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Nissan is preparing to tap into Mitsubishi Motor Corporation’s (MMC) expertise in plug-in hybrid vehicles to greatly speed up the development of its own PHEV fleet.

Long a leader in pure electric vehicles with the Leaf, Nissan’s lack of penetration in PHEV technology has been notable. But after last week signalling its intent to buy a controlling 34 per cent stake in MMC, says it now has the map to a shortcut.

The Mitsubishi Outlander PHEV is one of the world’s top-selling plug-in hybrids. PHEVs, which have an internal combustion engine supplementing or complementing an externally charged motor, remove ‘range anxiety’ and drop fleet-wide emissions averages.

“I would say there are some pieces of technology MMC has and Renault/Nissan does not have, for example PHEV, that Nissan was about to develop,” Nissan chairman and CEO Carlos Ghosn told Australian media last week.

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[This] will help Nissan get this immediately. It will also give Mitsubishi bigger scale to allow it to reduce the cost of PHEV. It’s more about sharing and benefiting from a larger scale.”

Ghosn also told CarAdvice that he intended to leverage the partial MMC takeover — in the Memorandum of Understanding phase with due diligence to follow — to cut the cost of pure EV development through joint research, and greater scale at inventory level.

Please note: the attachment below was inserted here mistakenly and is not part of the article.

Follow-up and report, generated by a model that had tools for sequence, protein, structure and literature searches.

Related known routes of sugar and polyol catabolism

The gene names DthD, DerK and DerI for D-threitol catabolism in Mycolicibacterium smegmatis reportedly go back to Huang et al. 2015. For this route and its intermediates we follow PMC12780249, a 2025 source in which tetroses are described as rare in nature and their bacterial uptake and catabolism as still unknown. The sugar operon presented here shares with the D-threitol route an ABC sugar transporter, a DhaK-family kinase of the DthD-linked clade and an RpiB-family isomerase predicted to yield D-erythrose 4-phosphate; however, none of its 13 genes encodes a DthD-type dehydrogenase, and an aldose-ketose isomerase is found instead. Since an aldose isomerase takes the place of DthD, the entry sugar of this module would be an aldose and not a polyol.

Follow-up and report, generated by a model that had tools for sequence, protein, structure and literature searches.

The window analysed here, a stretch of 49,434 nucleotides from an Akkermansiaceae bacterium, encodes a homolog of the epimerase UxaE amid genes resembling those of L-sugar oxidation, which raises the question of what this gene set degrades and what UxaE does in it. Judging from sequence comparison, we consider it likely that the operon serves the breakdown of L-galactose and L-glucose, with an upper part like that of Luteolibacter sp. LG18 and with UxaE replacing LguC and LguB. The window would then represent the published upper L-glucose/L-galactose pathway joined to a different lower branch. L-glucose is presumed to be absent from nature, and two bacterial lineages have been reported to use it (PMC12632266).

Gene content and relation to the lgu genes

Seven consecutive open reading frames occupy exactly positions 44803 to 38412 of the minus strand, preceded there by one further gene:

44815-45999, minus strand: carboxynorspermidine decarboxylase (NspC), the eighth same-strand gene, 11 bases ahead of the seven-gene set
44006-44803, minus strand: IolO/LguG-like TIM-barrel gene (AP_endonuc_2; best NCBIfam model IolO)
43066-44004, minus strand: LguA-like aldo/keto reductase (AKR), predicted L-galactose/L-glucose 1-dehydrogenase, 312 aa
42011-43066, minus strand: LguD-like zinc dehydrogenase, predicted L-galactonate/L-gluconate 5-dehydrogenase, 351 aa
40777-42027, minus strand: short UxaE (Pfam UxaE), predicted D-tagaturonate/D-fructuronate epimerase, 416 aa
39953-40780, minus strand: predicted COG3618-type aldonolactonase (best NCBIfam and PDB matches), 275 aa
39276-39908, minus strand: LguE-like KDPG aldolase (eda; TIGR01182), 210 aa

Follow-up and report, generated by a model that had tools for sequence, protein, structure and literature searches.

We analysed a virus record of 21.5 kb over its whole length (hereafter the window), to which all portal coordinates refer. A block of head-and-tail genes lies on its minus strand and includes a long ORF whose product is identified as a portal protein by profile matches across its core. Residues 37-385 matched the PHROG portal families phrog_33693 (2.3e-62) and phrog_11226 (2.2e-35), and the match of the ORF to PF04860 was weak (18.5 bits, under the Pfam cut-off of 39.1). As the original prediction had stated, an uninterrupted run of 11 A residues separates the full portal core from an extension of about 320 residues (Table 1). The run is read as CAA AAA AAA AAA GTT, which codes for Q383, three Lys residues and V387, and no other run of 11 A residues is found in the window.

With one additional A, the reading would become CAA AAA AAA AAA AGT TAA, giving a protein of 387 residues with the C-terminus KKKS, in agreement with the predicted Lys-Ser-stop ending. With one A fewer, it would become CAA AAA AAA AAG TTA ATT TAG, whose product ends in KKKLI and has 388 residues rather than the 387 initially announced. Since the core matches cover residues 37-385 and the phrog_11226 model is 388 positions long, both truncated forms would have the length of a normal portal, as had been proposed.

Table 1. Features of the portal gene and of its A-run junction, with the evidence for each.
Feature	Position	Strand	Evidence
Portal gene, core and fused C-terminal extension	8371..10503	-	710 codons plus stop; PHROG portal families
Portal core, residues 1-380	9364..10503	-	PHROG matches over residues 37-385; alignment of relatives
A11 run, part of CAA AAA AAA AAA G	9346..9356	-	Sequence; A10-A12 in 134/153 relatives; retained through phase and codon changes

You can expect to see Nissan, Renault and Mitsubishi EVs and PHEVs sharing common core platforms and technologies beneath different designs and body types.

“Without any doubt we will be working together on future EVs, meaning motors and platforms for next-generation cars will be done in common,” Ghosn said, adding that there was “no reason” to duplicate some things.

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“Do not expect cars to be lookalikes, the design and specification will be different, but core technology choices will be common.

“In product development there are two parts. Technology development and product development. Product development is specific to each brand. But technology development will become more and more common.”

As we reported last week, Nissan also intends for the next Navara and Triton ute models to share a basic platform, in another bid to cut costs through expanded scale.




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